“If you believe you’re living in your forever home and paying your mortgage in full is one of your financial goals, you may be enticed to use a 15-year mortgage,” said Brian Walsh, the senior manager of financial planning at SoFi. “A shorter term can save you a significant amount of money over the duration of your mortgage loan if you can comfortably afford the change in monthly cost. Shortening your term will likely cost more monthly but can save you thousands of dollars in interest over the life of the loan.

While your savings and benefits depend on when you convert from a 30-year to 15-year loan, know this. Taking out a new 15-year, $300,000 loan at the mid-October average rate of 2.46% would save about $107,000 over a 30-year loan.

Credit Score Boost

At the time you took out your loan, your credit score might not have been tip top, but it is now. It could be to your benefit to refinance.

“If your credit score has gone from good to very good, or even exceptional, then it might be the perfect time to refinance your home,” said Marina Vaamonde, a real estate investor and founder of PropertyCashin. “The lowest mortgage rates are reserved for those with the best credit scores. Perhaps you’ve been making your payments steadily for a couple of years, paid your debt and haven’t bothered to check your credit score. If you’ve entered the thresholds of 740 or higher, you might just be in line for a better rate on your mortgage.”

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Shift From an FHA Loan to a Conventional Loan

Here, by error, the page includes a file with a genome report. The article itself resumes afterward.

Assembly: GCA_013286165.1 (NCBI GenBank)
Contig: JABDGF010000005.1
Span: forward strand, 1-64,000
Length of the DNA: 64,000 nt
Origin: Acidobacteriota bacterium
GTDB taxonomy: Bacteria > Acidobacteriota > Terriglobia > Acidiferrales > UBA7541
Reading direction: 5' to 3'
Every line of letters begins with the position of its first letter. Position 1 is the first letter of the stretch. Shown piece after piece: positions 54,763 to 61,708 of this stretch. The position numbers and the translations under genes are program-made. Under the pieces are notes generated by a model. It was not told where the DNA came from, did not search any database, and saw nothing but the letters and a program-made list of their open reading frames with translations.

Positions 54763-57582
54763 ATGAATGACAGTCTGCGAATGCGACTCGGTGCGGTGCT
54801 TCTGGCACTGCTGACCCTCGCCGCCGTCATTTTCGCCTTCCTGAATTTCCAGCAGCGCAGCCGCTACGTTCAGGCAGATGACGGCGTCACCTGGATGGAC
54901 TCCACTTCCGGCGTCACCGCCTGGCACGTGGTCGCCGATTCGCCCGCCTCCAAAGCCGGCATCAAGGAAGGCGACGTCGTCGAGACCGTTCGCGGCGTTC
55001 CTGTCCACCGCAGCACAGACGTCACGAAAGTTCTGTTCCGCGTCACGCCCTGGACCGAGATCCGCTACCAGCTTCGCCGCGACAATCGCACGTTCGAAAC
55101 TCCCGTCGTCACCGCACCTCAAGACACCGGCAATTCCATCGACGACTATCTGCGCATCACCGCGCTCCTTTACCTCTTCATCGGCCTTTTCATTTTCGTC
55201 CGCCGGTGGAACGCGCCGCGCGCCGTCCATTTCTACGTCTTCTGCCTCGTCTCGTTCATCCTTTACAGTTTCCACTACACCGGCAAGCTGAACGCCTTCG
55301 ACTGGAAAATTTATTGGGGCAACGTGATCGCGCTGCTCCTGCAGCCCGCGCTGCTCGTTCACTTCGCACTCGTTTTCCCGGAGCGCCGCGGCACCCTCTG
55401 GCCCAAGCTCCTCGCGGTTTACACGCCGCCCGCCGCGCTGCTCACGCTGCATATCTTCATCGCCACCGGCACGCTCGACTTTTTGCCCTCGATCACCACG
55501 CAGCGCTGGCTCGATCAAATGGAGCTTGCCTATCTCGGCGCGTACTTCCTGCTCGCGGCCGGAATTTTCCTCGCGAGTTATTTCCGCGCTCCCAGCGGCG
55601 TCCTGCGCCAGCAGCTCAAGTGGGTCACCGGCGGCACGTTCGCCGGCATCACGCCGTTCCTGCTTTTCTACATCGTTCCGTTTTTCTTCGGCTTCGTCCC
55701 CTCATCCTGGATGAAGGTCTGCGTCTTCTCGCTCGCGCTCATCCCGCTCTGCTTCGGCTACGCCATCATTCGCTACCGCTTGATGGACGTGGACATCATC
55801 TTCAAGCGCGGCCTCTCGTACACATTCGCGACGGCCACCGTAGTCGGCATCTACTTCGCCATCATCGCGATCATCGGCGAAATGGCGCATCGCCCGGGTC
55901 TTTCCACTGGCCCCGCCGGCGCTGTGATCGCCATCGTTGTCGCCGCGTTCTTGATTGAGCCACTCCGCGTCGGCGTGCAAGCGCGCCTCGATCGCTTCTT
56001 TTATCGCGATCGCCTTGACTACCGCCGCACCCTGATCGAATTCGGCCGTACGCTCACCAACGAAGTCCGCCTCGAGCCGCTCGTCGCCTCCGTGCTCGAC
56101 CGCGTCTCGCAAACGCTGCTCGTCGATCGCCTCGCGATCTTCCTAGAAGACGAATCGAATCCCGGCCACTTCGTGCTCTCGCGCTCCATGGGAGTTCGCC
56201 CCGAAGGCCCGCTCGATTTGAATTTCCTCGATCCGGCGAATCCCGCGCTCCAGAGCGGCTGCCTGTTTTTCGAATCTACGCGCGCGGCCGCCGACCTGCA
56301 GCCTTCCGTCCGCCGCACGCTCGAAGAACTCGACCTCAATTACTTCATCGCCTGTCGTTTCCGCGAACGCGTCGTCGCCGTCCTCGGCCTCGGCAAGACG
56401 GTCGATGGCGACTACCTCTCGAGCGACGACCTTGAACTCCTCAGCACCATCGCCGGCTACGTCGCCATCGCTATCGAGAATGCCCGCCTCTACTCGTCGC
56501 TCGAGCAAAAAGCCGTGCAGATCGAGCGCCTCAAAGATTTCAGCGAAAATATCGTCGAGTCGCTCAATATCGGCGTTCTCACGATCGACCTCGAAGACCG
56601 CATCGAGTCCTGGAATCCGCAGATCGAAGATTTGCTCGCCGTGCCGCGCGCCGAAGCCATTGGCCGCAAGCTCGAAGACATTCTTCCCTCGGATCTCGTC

Buyers with a low down payment amount and a credit score that isn’t perfect often buy their homes with an FHA loan, which is backed by the Federal Housing Association. When you take out an FHA loan, you’ll be required to pay a MIP — a mortgage insurance premium — to qualify for a loan. Rocket Mortgage says you should expect to pay an upfront premium of 1.75% of the loan value — it can be added into the total loan — as well as a monthly fee. The amount depends on the length and amount of your loan and can range from 0.45% to 1.05% of the loan value. That could add hundreds to your monthly payment.

If your credit score has gone up since you took out your loan, you could consider refinancing to a conventional loan once you reach 20% equity in your home. That will eliminate the need to pay the mortgage insurance premium each month. And with the skyrocketing housing prices over the past year, you could reach that 20% mark quickly. In September, the national median listing was $380,000, an increase of 8.6% over 2020 and up 20.6% compared to 2019, Realtor.com reported.

Every homeowner has a different financial situation, but refinancing could help you save on your monthly housing costs. A meeting with a loan officer can help you to figure out if refinancing is right for you.

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Last updated: Oct. 26, 2021

This article originally appeared on GOBankingRates.com: Is Your House Worth What You’re Paying for It? 5 Signs It’s Time To Refinance